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TOPERA STATE JOURXAL, FRIDAY EVENING. AUGUST 23, 1901.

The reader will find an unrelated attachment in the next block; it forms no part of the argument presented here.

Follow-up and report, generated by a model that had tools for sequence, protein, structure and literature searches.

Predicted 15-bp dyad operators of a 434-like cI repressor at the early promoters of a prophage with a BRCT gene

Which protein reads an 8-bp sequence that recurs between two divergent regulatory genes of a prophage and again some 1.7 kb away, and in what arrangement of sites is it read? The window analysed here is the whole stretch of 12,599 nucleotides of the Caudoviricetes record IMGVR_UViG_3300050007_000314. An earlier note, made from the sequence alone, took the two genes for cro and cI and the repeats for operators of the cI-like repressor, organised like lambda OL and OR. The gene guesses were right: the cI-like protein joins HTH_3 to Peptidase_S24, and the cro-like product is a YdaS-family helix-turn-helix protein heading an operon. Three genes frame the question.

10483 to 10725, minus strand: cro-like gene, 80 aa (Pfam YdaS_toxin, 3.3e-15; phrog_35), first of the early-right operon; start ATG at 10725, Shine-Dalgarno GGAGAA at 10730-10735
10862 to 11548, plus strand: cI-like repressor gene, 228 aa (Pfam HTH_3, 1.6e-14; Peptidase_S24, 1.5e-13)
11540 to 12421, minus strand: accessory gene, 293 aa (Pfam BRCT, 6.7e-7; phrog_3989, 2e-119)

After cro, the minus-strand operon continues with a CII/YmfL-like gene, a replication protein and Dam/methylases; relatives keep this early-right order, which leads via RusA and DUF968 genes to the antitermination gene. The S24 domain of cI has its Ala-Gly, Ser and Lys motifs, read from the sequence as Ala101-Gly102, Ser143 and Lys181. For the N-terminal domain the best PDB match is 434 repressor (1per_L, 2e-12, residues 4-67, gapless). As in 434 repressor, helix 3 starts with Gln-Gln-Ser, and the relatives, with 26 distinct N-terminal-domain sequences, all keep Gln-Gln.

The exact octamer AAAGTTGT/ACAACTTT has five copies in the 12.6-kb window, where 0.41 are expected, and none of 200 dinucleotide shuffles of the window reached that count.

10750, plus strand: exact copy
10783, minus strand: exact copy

'4" TOPEKA STATE JOURNAL. TiY FR-K P. MAC LENN'AN. vclfmk xxvjir. .No. 200 TERMS OF SUBSCRIPTION. Dailv edition, delivered by carrier. 10 eer.U V. week to any part of Tope m or suburbs, or at the same price In any Kansas town where the paper has a. cai- rier s stem. Hv n.ait, one yer .. liv mull, throe months Weekly edition, one year Saturday edition or daily one year. tJ.SO .SO 1 . 1.00 PERMAXEST HOME. Topeka State Journal building, 800 and so uibai ave.. corner ui KKW TOP.K OFFICE. 311 Valid, rhtlt Kids-. Paul HloeK. Mr. TELEPHONES. .Bell 'phone 107 T!'jR!nss Office Reporters' Room. Bell pnono TXTLL "WXRS KEfCST OF TH3 ASSOCIATED STwSSS. The State Journal Is a member of the Associated Press and receives the full asv tei.srranh report of that great nev.3 SfeanTiation for exclusive aiternooB pub- neVTsceWa in the State Jour nal building over wires for this sole pur pose, busy through the entire day. complete copy of the night report la also received. . HOME NEWS WHILE AWAY. Subscribers of the State Journal ti-xav during the summer way have He paper mailed regularly each day to any address at the rate of thirty cents a tncnth. Address changed as ojten as desired. While out of town the State Journal will be to you like a daily letter from home. Of course, nobody expects thatGeorge Klauer will pay the fine imposed upon Mm yesterday, or serve the jail sen tence; but why? Since he became a sreneral Funston has done nothinir to disturb that leis urely rank. Sioux City Tribune. What more is there to do? Didn't he capture Aguinaldo? The sultan wants it understood that because he paid Uncle Sam it does not signify that be will go right on with that sort of business. France seems likely to get an opportunity to force a crisis wherein she must fight or back OUt. - Burglaries are reported to be on the increase in many places owing- to the inability of people to overcome the habit of leaving their tomatoes, pota toes and other valuables in accessible places. The recent serious accident to Senator Fairbanks forcibly calls attention anew to the dog nuisance. The accident was caused by a dog springing- suddenly from ambush and attacking and fright ening the h u-s'-s. The Republicans of Danville, Va., have organized a Mark llanna club but would Virginia Rive Mr. llanna any electoral votes? Minneapolis Tribune. Mr. llanna will need votes in the con vention before he will need electoral voles. Philadelphia Times: And yet why all this worry about a two-minute trotter? If it was anxiety to quicken a woman's speed when she's putting on iier hat and her impatient husband's waiting for her, making a fellow's turn in a barber shoo come quicker, or adding wings to a messenger boy's legs, there would seem to be something worth thinking over in even a few seconds' improvement. A Oreelpy, Col., dispatch contains the following: "A thrifty young granger today marketed a carload of early po tatoes that netted him $SS0. Another farmer will realize $10,000 for his po tato crop this fall and winter, in view of the abundant yield. Compare Colo rado with drouth-stricken Kansas, Ne braska and other states." And yet Kansas farmers could grow just as many and as good potatoes as Colorado farmers do if they would irrigate. BEET SUGAR INDUSTRY. The growing belief that the United States will shortly be able to produce from beets: the $Pi0.000.000 worth of su gar which her people now annually im port seems to be shared by British Consul Wyndham, who has given the subject close attention and reported upon it to his government. The follow ing is an extract from his report which has Just reached the treasury bureau of statistics: "The production of beet sugar in the United States is rapidly increasing, and in the Chicago consular aistrict mere are four factories in the state of Illi nois, three in Nebraska, and three in Colorado: those in Nebraska and Col orado belong to the American Beet Su gar company, and are at (Irani Junc tion, Rocky Ford, and Sugar City, and when fully complete- wiil employ thou Bands of hands. "Statistics indicate that the United Etates consumes more sugar than any other nation or approximately one quarter of the whole of the world's pro duct. The conditions of soil, climate, and otner advantages are quite as good in the United States, and especially in Colorado, Nebraska, and Illinois for the development of the beet as in any of the countries of Europe or Asia. The world's production and consumption of sugar is now about S.2.70.000 tons per annum, two-thirds of which is produc ed from beet and only one-third from cane, whilst the normal consumption is estimated as increasing at the rate of 200. ix'iO tons yearly. "The success attending the cultiva tion of sugar beet in this district has proved that it may be made a profitable and successful investment. A large factor;-- has been built at Rocky Ford, Col., which cost $1.OO,0OO to build and equ'p. It is proposed to have it ready for the crop of the coining season. To supply it the farmers in the vicinity have contracted to grow S.OoO acres of beets a year for five years. From tests made, they estimate their beets will yield 15 to 18 per cent of sugar. The factory, when running at its full capac- ity, will consume daily 1.000 tons of beets, which It will convert into about 100 tons of refined sugar of the highest purity. The beets reach maturity with a high percentage, and seldom go below 15 per cent; 12 per cent is taken as the basis of buying beets at -the factory. "The beets are grown by the farmers under contract with the factory, and paid for according to the saccharine contents determined by chemical tests made of samples taken from the wag ons at the time of delivery. In addition, the factory controls about 5.000 acres of land. Most of the land will be farmed by tenants, but only a portion of each farm is devoted to beets each year. Growers sell their beets based upon the sugar contents. The tests somewhat resemble the assaying of ore from the mines. Selling upon this basis encour ages better farming and the raising of better beets. It is the only fair way, both to the raiser and the manufac turer. "At Sugar City a farm of 12.000 acres has been cultivated for raising sugar beets, and a sugar factory has been built with a capacity of 500 tons every 24 hours. On the farm 1,000 men and women have been employed during the summer, and this season's crop will be converted into sugar. The establish ment of the sugar factory at this point built the town, which a few years ag consisted of a hut or two and thous ands of prairie dogs. Next year fully 4,000 acres of beets will be in cultiva tion. The output will be increased as rapidly as possible, and every daty tho demand for workmen is increasing. "A general estimate of the cost of construction, cost of operation, and general results to be counted upon, of beet sugar factories in this district as taken from the Rocky Ford plant places the general average of sugar in the beets at 12 per cent. So far as the Arkansas Vallev in Colorado is con cerned, this percentage is being large ly exceeded; the minimum percentage of sugar being about 14 per cent, while the maximum has reached 23 per cent with a coefficient of purity ranging from 80 to SO per cent. In stating these results, reference is especially made to the factory at Rocky Ford, built and worked by the American Beet Suga: company, a New York corporation which works two factories in Califor nia and three in Nebraska, the one at Rocky Ford being their fifth. The ex perts in charge of this last factory -all express surprise at the results of this first campaign, and they have become thoroughly convinced that this vaney (Arkansas Valley, Col.) is the ideal su gar-producer, thanks to its equable cli mate, ample supply of water for irri gation, cheap fuel and limestone, and an unlimited extent of available land for beet culture. It is expected that the same company will erect one or more factories in addition to the one at Rocky Ford, one to be built further east and the other west of Rocky- Ford." GLOBE SIGHTS From the Atchison Globe.l Some neouls are so ornery that no interest is taken in gossip about then. TThpn vnnr troubles are so flrmlv an chored in your mind that you dream of them, whoa! This is the season when employes go on vacations, and are surprised when they return to find the Business Still Running". We suPDOse that when a hungry boy sits down to the table, that is what might be called a case of galloping consumption. If vou don't mind reminding those vou kiss of a funeral, this is the sea son when you can wear a tuberose in vour buttonhole. We take pride in announcing that an Atchison trirl is making a three-cent calico just exactly like the pictures of Mrs. Herman Oelrlch a automobile dress. By the time a man has spent $300 on his daughter's voice, she feels that her musical education is not complete until her doctor has forbidden her to use it- There will be so few men In heaven that the women angel3 can at las satisfy a life-time yearning and si with their feet on the porch railings, with impunity. When a m'an meets his wife or daugh ters on the street, ever notice how his hands instinctively go into his trousers pockets? He knows they will ask him for some "change." An Atchison woman who gave party recently, and who had only limited sum to spend, spent so much on the ribbons for the sandwiches tha she had to make them without filling The people of Missouri are strangely tncor.sistent. They lately lynched three negroes for assaulting a white woman and then called on Governor Dockery to offer a reward for the apprehension of the murderer! Probahlv- the most envied woman In the world is a Mrs. Classman, of Oma ha. Married to a man who is fond her, an old lover appears on the scene who loves her so fiercely that he has made five attempts to kidnap her! Think of that kind of love, you girls who love to thrill! Chewing tobacco is a -filthy habit. Smoking makes you so foul that you can smell yourself. Tobacco is very in jurious to health. Every user of to bacco tries to quit it. and fids it verv difficult. Roys see their elders trying to quit, yet boys make themselves sick in acquiring the tobacco habit. POINTED PARAGRAPHS. From the Chicapo News'. An amateur actress is one who has never been divorced. The marriage ring and the prize ring often lend to the stag". Whisky has i:iu:-ed many a man to go to work to get money to buy It. Let the sluggard attend a picnic and the ant will surely come to him. A woman never forgives a man for believing some of the things she tells him. The first thing a young man learns at college is how lit;!'- oilier people know. Perhaps a watched pot never bolls, but a watched boil gets there just tiie same. What a. Jolly thing rural life would be if the f.iTTitr could only raise bis own gree :i -goods ! After a man has been married six months he usually attributes it to tem porary insanity. "Terrible as an army with banners." said Solomon probably after watching a political parade from the grand stand. After a girl bas been a bride for about two weeks she begins to iay plans for steering Borne other poor siu up against a similar fate. QUAKER REFLECTIONS. From the Philadelphia Record, A stopped-up geyser la 'an ex-purt In its way. A young lawyer ought to do a lee- nominal business. The "right side" of the stock market Is usually the outside. The sweets of married life are not to be found in family Jars. A wealthy parent may cut off his son without a cent, but he can't cut on ie lawyers. All cocoons look alike to me, re marked the hungry bird as It swal lowed the embryo butterfly. Some of the hardest work In the world is done by the people wm labor-saving machines. Hoax "What's good for Insomnia.' Joax "Have you tried going seveiai nights without sleep?' Generally the person who Is lona oi a. secret is the one who doesn't think enough of it to keep it. Education is like love," says tne Manaviink Philosouher: men tnuiK they have it until they get to be 40." Miss Passe "I've seen 27 springs. Tou'd never believe It, would you j Mr. Sinnick "Oh, yes; but some of them must toave been Dackwaru springs. Will you try some tonic. slr7' askea the barber; "you're getting cam. "No," replied the customer; I want to be bald." "So?". "Yes; I have a wtckea son, and I don't intend to let him bring my gray hairs in sorrow to the grave. Mr. Cheepklurk," said the head ot thp firm "will vou explain why, alter oswinp- for vest'erdav off to attend to some legal business, you spent tne u; with your girl?" "Yes, sir, - reiui ne t the employe; "that isn't illegal, la in REFLECTIONS OF A BACHELOR. From the New York Press Sow one little fib and reap a field of lies! Woman shares her joys with man; man his griefs with woman. Wnmen know nrettv lips were made to kiss, and man knows he was made to kiss them. It is better to stand in the divorce court than never to have stooa a tue altar. A man's iudgment in middle age about the girls he knew when he was -,,,.ct i nimut ai trustworthy as his or.inion of the doughnuts his grand 11(thAr mnilp for Ivt m Wlien II Yuan boy. SELLS CELEBRATED TILLA. Mrs. H. P. Belmont Disposes of Gray Craig;, Near Newport. Newport. R. I.. Aug. 23 Mrs. Oliver H. P. Belmont has sold her famous country place. Gray Craig, in Middle ton, about four miles from Newport, to Mrs Sara Wood Clark, wife of John Mitchell Clark of Newport, who is a son of the venerable Bishop Clark, of -Rhode Island. Gray Craig originally became known as a society resort about ten years ago. when it was purchased by William K. Vanderbi'.t and Oliver H. P. Belmont jointly. They improved it and during tk lust few vears several very preten tions site ial Catherines in the way of picnics have been held within its pic tiiresnne confines. Mrs. Belmont acquired the fee to the estate about four years ago, when Mr Belmont deeded to her all his posses sions in and about Newport. The es tate contains 105 acres. Mr. and Mrs. Clark will build a large vi"a at Gray Craig, which they will use as a sum mer residence. Receiver Appointed. Cleveland. O., Aug. 23. Upon application of the Superior Realty and Improvement association, Judge Dellenbaugh of the common pleas court today appointed Wal ter D. Savle receiver for the Superior Street Savings and Banking company. Ac cordirur to a statement issuer uj the banking company April last the liabilities of the concern then total were $ls2,433. Farmer Charged With. Murder. Middletown. O.. Aug. 23. Henry E. Gep hart and his son Rolla are under arrest charged with the murder of "v esley Wells. The parties are all farmers. T. hey quarreled over a private road through Wells' farm. Wells attacked them with an axe and they shot him. They then came here and surrendered. Five Killed in GuarreL Williamsburg, Ky., Aug. 23. News has lust reached here of a bloudy battle in the eastern part of the county, 2l miles from here, in which Blake Logan and his two sons and two Wilson brothers were killed by West Mayes and George Golden in a quarrel over domestic trou bles A posse has left for the scene to make arrests and to bury the dead, as the neighbors are afraid to go to them, Cloudburst in Alabama. Rome, G., Aug. 23 Advices from Collinsville. Ala., state that the town was visited by a cloud burst late yes terday afternoon and greatly damaged. Several stores are reported to have been completely inundated and many resi dences washed out from their founda tions. Deputies Attacked by Mob. Rio de Janeiro, Aug. 23. The dep uties supporting the administration were attacked yesterday evening by a mob on leaving the legislative cham ber. One deputy was injured, several arrests were made. Other disturbances are imminent. 21.35 Cleveland and Return via Rock Is- land Route. No change of cars. No change of depots going or returning. Only $! ad ditional to Buffalo and return. Tickets on sab- September 7 to 10, inclusive, good returning October 8. See A. M. Fuiler for full particulars. C. F. Mennir,ar, M. D.. office 727 Kan sas ave. Tel. is); "residence 1251 Topeka ave. Tel. S5. Office hours 2 to o p. m. More should be written in the copy books about carelessness. In your own affairs, are you not hampered by care lessness ? Constipation, Headache, Biliousness, Heartburn, Indigestion, Dizziness, Indicate that your liver is out of order. The best medicine to rouse the liver and cure all these ills, is found in ii S Ori 41 ii tM lit 23 cents. Sold by all medicjue deale s. v w A MIe Knislit's Adventure Sir Reginald de Cuthbert, returning from the Holy Land, belated In a forest, sank on the ground to sleep. He arose and perceiving a light went toward it. Arriving at a castle gate he knocked. No answer was returned, but he felt an ice cold hand seize him and pull him on. Presently his guide left him. Horror and a chilly terror shook his wnoia frame. The awful stillness which, sur rounded him was still uninterrupted. The knight was fixed to the grouim, wildly staring through the impenetra ble darkness. At length a hollow sound was heard, which seemed at a bi distance. After a long pause it vibrated in his ear a second time. The idei tnai he had nothing more to lose ana tnai every means of effecting an tscape from that residence of horror was cut off entirely, subdued his fear ana prompted him to follow that sound. A few paces on brougnt stone staircase. Having aescenueu nv teps a doleful groan seemed to pro ceed from a room not far distant. Ihe knight advanced slowly ana w un ii utmost circumspection, musing on his perilous situation, when at once he felt the passage obstructed by a door which opened without difficulty. The room to which it led was also a residence of darkness and dismal si lence. The knight was resolved to enter it boldly. Fortunately ne exammeu u. entrance with his foot before he pro ceeded, and found with unspeakable horror that it was bottomless. The hollow, dismal sound again struck his ear from a small distance. He shuddered violently and staggered forward. Everything was now . lonely and silent all around. At length he came to a second staircase, ascended seven steps and then descended as many, when his eyes suddenly beheld a faint glimmer of light which seemed to emerge from below at a great dis tance. Coming nearer, the knight ob served that he was standing on the brink of a deep abyss, from which the glimmer broke forth. An old half rot ten staircase led down. He, however, resolved to risk everything, and pull ing off his shoes to avoid making a sound, began to descend. ' When he came to the eighth step, the hollow sound was again repeated. 1 he knight stopped a moment and then went on with returning courage. When he had reached the middle the light suddenly disappeared and impene trable darkness surrounded him once more. , 1,1 He stopped to consider what could be done, when a stone got loose beneath nit, feet and he rolled down with a thunder ing noise against the door of the vault. "Who disturbs my rest?" the hollow, well known voice exclaimed. Sir Reginald was riveieu iu me in dread expectation. Terror seal-d his lips The door of the vault opened slowly and a pale white figure appeared envel oped in a blaze of red light. It advanced two steps, lifted up one hand in a menac ing manner and disappeared, a he sight of this dreadfvd apparition almost petri fied Sir Reginald on the spot, his senses seemed to forsake him and the blood con gealed within his veins. The knight, having recovered a little the use of his senses, with difficulty re gained the ton of the steps and from thence perceived a passage quite different from the other, and, following it. he ar rived at the foot of a spiral staircase He ascended many steps. At length a part'lion impeded him. He pushed forcibly ae-ainst it with his right hand and snat tered a glass pane into a thousand pieces. "Who is there?" a rough voice ex claimed. At the same time a door open-, ed and a most alarming discourse filled the knight with dismal apprehensions. "Have vou sharpened the knife? one of the talkers asked. "Yes- it's bright and sharp." replied the other voice. "His blood shall flow abund- aWiVh the words the door burst operi. Horror and despair now winged fair Regi nald's steps. He flew down the staircase and had scarcely reached the bottom when he was again seized by the icy cold hand which he felt on his entrance In that abode of terror. The knight's senses seemed leaving him when he came to with a start to rind himself drenched to the skin, clutching his sword with both hands, while his faithful steed was licking his face, trying to make him get up and continue his journey. He had fallen asleep In the forest and his horrid adventures in the haunted cas tle were all a dream. He arose, remounted his horse and in hall an hour was toasting his reet anu drinking hot punch before a roaring fare in the village tavern at B . PRICES AKE TOO LO W. Newsdealers Want to Pay Mora For Morning Papers. New York. Aug. 23. The establishment of a publishers' clearing house was dis cussed at today's session of the conven tion of the National Association of News dealers. Booksellers and Stationers. A resolution was adopted reciting that the book publishers had greatly benefited the trade by- adopting and maintaining stand ard prices for books and urging the as sociation to establish in this city a pub lishers' clearing house for bou local and country dealers. The convention urged the Increase or the price of pennv morning newspapers on the ground that it wa.4 impossible for them to make a living out ot morning newspapers which they have to buy at i0 cents a hundred and sell nt a cent each. The publishers of the New York city morning papers were asked by resolution bv Mr. Mav of Pawtucket. R. I., to in- opease their retail price to 4 cenis unu ui furnish the papers to the dealers at $1.10 a hundred. The publishers of the evening newspapers were urged to omit publica tion 011 the Fourth of July, Thanksgiving day. Christmas and New Years days. It was also decided to request that penny newspapers be made non-returnable and that they be sold at 50 cents a hundred. TOIL AND WANTS LIQUOR. Claims That Confiscated in John Wil ert's Place. Al Voiland. the Kansas City whole sale liquor man, has brought a replevin suit in the district court to recover $231 worth of liquor which was seized by Chief Stahl at John Wilert's place in North Topeka. REDUCED RATES AND SPECIAL TRAIN To National Eneampment, G. A. R. The Great Rock Island Route will sell tickets to Cleveland. O., and return, for the Grand Army meeting, at great ly reduced rates. Tickets will be on sale at points west of the Missouri Riv er Sept. 7th to' 10th, inclusive, except Oklahoma and Indian Territory, where selling dates will be Sept. 7th and 8th. Return limit Sept. 15th. except that ex tension of limit to leave Cleveland, up to and including Oct. 8, 1901. may be ar ranged by depositing tickets with Joint Agent at Cleveland, and payment of small fee. Comrades of the "Rank and File" have selected the Great Rock Is land Route and Lake Shore & Michigan Southern R'y for a special through train to Cleveland, which will leave Kansas and Oklahoma Sunday, Sept. Sth. Passengers on this special train will be given the privilege of going and returning via Toledo and boat or all rail as they may elect. Passengers making return journey by boat will have a delightful stop of three hours at the celebrated lake resort Put-in-Bav. Any Rock Island Agent or the undersigned will give full details and arrange for sleeping car reservations. E. W. THOMPSON, A. G. P. A., Topeka. Free vaudeville at Yinewood Sunday. See programme in today 3 paper. 5g 1TB!'--3ff?l fi 1 iie Big Days will be at our Store Tomorrow We are going to sell all the clothing that is to be sold tomorrow. Positively None Sold to Other Clothiers. Buys Men's Suits, of which we have one and two of a kind the former price S16.50 and $15.00 Don't think of buying a suit until you see what these suits are. Looking costs nothing. on Cm U We want to show you the Shoes we place on sale tomorrow at this price. Don't buy before you see them. "Walk over" Shoe Store. New Neckwear 50c values tomorrow KIDNAPERS USE REVOLVER Sensational Abduction of Child by Mother Near BTattoon. Mattoon, 111., Aug. 23. A sensational kidnaping occurred yesterday after noon at the residence of Joseph Dick. In Oakland township, this county. While Mrs. James Faris, of Edgar county, se cured possession of one of her three children by her first marriage. Fans, her present husband, pressed a revolver to the head of Lewis Taylor, her for mer husband, and so terrorized the lat ter that he was unable to offer any re sistance. The kidnapers managed to escape with the child. Taylor and his wife were divorced at Paris several months ago and with the three children he has been living with Samuel Hick, the woman's father. Mrs. Taylor recently married Faris and de termined to gam possession of one of the children. Faris and wife left Paris in the morning and drove to the Dick farm. Taylor was called out to the buggy and unsuspectingly came, when he was covered with a weapon by Faris while the woman leaped from the vehicle, ran to where the children were playing and accomplished her purpose. Taylor hurried to an Oakland justice and sought for a warrant for the arrest of the kidnapers, but it was refused un til the magistrate could learn who was the child's legal guardian. Taylor will seek to prosecute Faris and wife in the Kdgar county courts for abduction. RUN ON " HIGH BALLS." Former Controller Says City Expenses Are Paid by Whisky and Water. Chicago, Aug. 23. "Whisky and wa ter run the city of Chicago" is .the as sertion with which W. I. Kerfoot, for mer city controller, today began a dis course that startled the members of the board of review and has kept them thinking ever since. The former city official visited the board rooms to see a member of the board on a personal matter, but soon after his arrival he was talking of the tax situation in a manner that commanded attention. He said: "Chicago will be on her beam ends it Attorney Adair for the Auditorium people wins his suit in the supreme court to restrain the city from appro priating money for any other purpose than the payment of current expenses. "Now, I said whisky and water run the city, and I mean it. Year before last the 2 per cent tax fell $500,000 short of paying the police and fire departments. The rest of the money comes from the licenses and from the revenue of the water office. It is a fact that the city is run on whisky and water. That makes a 'high ball,' and too many 'high balls' are bad for the system. In my opinion too much whisky and water is no better for a city than for a man. "If this tax cajse goes against the city it means that no appropriations may be made for bridges, viaducts, the paving of street intersections and kindred improve ments. "One of the great troubles of the city government is the fact that no admims ...li.m at-a deficient attention to legis lation at Springfield. I have been talking j about the need of a new charter, or, at least, legislation which will ensble Chica- I eo to get out from under the village reg- niimn ,'iMior which ah is working, un- til the public mav think I am crying "Wolf!" 1 am not. and just as sure as taxes, some of these fine mornings Me taxpaving public will wake up to find the wolf at the door. There is no need for more taxes. Chicago pays today more than $;iii,OiO. wo of taxes, but they are not properly distributed. "The money is eaten up and wasted through a multiplicity of taxing bodies and a complication of conflicting govern ments." DEATHS AND FUNERALS. Byron W. Graham died at his home 1008 Morris street Thursday evening at the age of 41 years of spinal trouble. The funeral will be held at the resi dence Sunday at 2 o'clock. Harry Goodrich who lives at 712 To peka avenue has a night blooming eereus with 40 buds that will open to night. His plant was a prize winner at Xew Orleans in 1S9. He-will keep open house so that his friends may have an opportunity- to see the plant. A- A Vogel who lives at 210 Van Huren street also has a plant of six blossoms that will open tonight. IL S i I Ft S 1 p j t 1 We make no exceptions to morrow You can buy 18 oz. black Clay Worsted satin-lined Suits for $7.50. This suit we claim is a world-beater. Per fect fitting made equal to any $18.50 in the world. S1.50 $1.75 $2.00 $2.25 $2.50 $2.75 $3.00 Do You Wear lea's Pants If so, see what we of3 fer yoa at these prices. Other stores ask double our prices tomorrow. 6ZZ HAM. EME I r ii -r---. - - Do You Use Osage City Shaft Price $2.75 per Ton Delivered. Order at once before price advances. THE SOUTHWESTERN FUEL CO. Sales Agents ML CARMEL COAL CO.'S Coal. 734 Kansas Ave. Telephones 193, 771, 144. F0R31INU LUMBER TRUST. Capital to Be One Million and Busi ness of Four Millions Expected. New York. Aug. 23. Charles E. Cork ran, president of the Chequasset Lum ber company, with offices at 66 Broad street, announced last niht important plans for the consolidation of twelve lumber concerns into a corporation which will be called the Chequasset company, with a capital of $1.0 O.Oi-O. and which is expected by its promoters to do an annual business of between $4,000,000 and $j,000,000. This was the. reason, he said that the Chequasset Lumber company and the Muskoka Lumber company had yesterday volun tarily gone into the hands of receivers. He said: "Our plan is to pay all d-bts, dollar for dollar. The appointment of receiv ers for these two companies will facili tate the reorganization of all our lum ber interests into the one corporation, which will have offices in New York, with myself as president, Charbt W. Manning of Brooklyn vice president, and Kirk W. Hobart of Newton, Mass., treasurer." Mr. Corkran named the following as the organizations which will form the Chequasset company: The Chequasset Lumber company. New York; the American Hardwood company, Cincinnati; the Muskoka Lumber company, North Tonawanda, N. Y. ; the Sylvania Lumber company, Philadelphia; the Oaniels & Collin com pany, Pittsburg; the Raltimore Lum ber company. Baltimore; the Chesa peake Lumber company, Baltimore; the Storck Lumber company, Baltimore; the Towson Lumber and Coal company, Towson, Md.; the Manor Lumber com pany, Corbett, Md.: the Parkton Lum ber company, Parkton, Md., and the Suburban Coal and Lumber company. Garrison, Md. In all these companies Mr. Cockran and his business associates are largely interested. The combined sales of the companies at present are about $3,000. 000. Mr. Corkran said that the receivers for the Chequasset and Muskoka com panies appointed yesterday by the Bpf falo courts on petition of the stock holders were, respectively. Eugene F. Perry, secretary of the National Wholesale Lumber Dealers' association, and C. W. Chiltis, of Buffalo. He said that the Chequasset company in its petition set forth that it con trolled the stock of the American Hard wood company, and that only recently its officers learned of the mismanage ment of the Hardwood company and the defalcation on the part of one of the latter's managers. The Chesquas set company was carrying big notes of the Hardwood company, and was un able to meet them owing to trie aimm ihed assets of the Hardwpod com- pany, total liabilities of the Chequasset companv are $4sM47.12 and tr.e assets $376 104. 13. It was organized on Novem ber '22. 1W0, and capitalized at $:tw0 0 10. Its stockholders are Mr. Corkran, wh owns 2 OPS shares: Kirk W. Hobart. of Newton, Mass.; Charles W. Manning, of Alls HIM", Mothers, here i3 a chance we want you to come and look at these Suits for your boy, sizes 3 to 8 Be early if you want S3 and $0 suits for 81.98 Did You See Our Corduroy Suits? A Mat Picnic Tomorrow ! Do you want to pay $1, $1.25, $1.50, $2, $2.50 or $3 for one. We show new ones tomorrow for Y2 what other stores ask you for the other kind. New Shirts $1.00 Madras tomorrow o , - Brooklyn, and Charles R. Demurest, of this city. The stockholders of the Mus koka company are principally from North Tonawanda and the region near that place. KANSAS IA1RS IN l'.KU. Following is a list of fairs to be h-ld in Kansas in 1HU1, their dates, locations and secretaries, as reported to the state boaid of agriculture and compiled by Secretary F. . Coburn: Allen County Agricultural societv. C. H Wheaion, st-cretary. iola: September 1CM:. Hrown County Fair association. G. W. Harrington, secretary, Hiawatha; St p tembor 17-o. Holler Cmiiitv Fair association, H. M. Balch, secretary, Kl Dorado: October g-n. C'llautauqua County lb-wins' Kair association. N. ii. Marsh, Par secretary Cedarvale: !s-plember 2.",... 'off ey County Fair association. A. T.. Hilctiens, secretary .Burliritfton ; Septem ber Cowley County Eastern Cowley Fair association. J. M. Henderson, secretary, liurd-n: dates not yet chosen. Finney County Agricult ural society, I. A. Minis, secretary. Garden City; August 21-2J. Greeley County Fair association. J. C Newmon. secretary. Tribune; September ti-7. Harvey Countv Agricultural society, John C. Nicholson, uecretary, Newton-. September 24-7. Jackson County Agricultural and Felr association, S. B. Mc-Grew, becreuif , Holton; September 24-2. Jefferson County Agricultural and M chaiiical association. "Kdwin Snyder, sec retary. Oskaioosa: September 3-i. Jewell County Agricultural Fair associa. tioll. '. F. ilorilH, secretary, MallKaLu; September 17--". Marshall County Frankfort Fair n"o. elation J D. tiregK, secretary, Frank(orl September 17-2D. Miami County Agricultural and Mechan ical association. W. It. Bradbury, secre. tary, Paola; September 24-2,'. Montgomery 'oinit v Coffeyville Fair and 1'ark association. U. V. Kennedy, secretary, Cofi-y tile: August 13-17. Morris Countv Exposition eomuny, f. F. Amrine, secretary. Council tiruv; Sep tember 24-27. Neosho County Fair association. ,It. Lodge, secretary. Erie; August 27-.-;'). Neosho Countv Chariute Agricultural. Fair, Park and Driving association. A. F. Timpane, secretary, Ctiauut; September 3-6. Ness County Agricultural association, H. C. Taylor, secretary, Ntw City; Octo ber 2-5. Norton County Agricultural association. J. I.. Miller, secretary, Norton; September 1H-2K. Osage County Fair association. C. I. Cum, secretary, Burlingttme; btptumbi r 17-20. Reno Countv Central Kansas AKrlcil tural. Fair and Live Stock unso.-latioi. Ed M. Moore, secretary, Hutchinson; Sep ternber 2-6. Kice County Agricultural association. 'V Hawkins, secretary. Sterling; riepuonb- . 11-14. Itiler County Agricultural societv. R. T. Worboys, secretary, Kiley; September 24-J'J. Hooka Countv Fair association. J. . Adams, secretary, Stockton; September 3U-13. Sedgwick County Wichita State Fnl. association. H. G. 'i'oler, secretary, Wkn. ita : ci obt-r 1-4. Staflord County Fair association. .Tol n W. i.ill. secretary. St. John; Aimust '.'--:. Sumner County Mulvane Agricultural soi-ittv. John A. Reed, neun-Uiry, Mul vane; September 27-K. Wilson County l-'tedonia Aiiricitltnr.it association. J. T. Cooper, secretary, i're. douia; August au-Zi. 1 ii 'A I V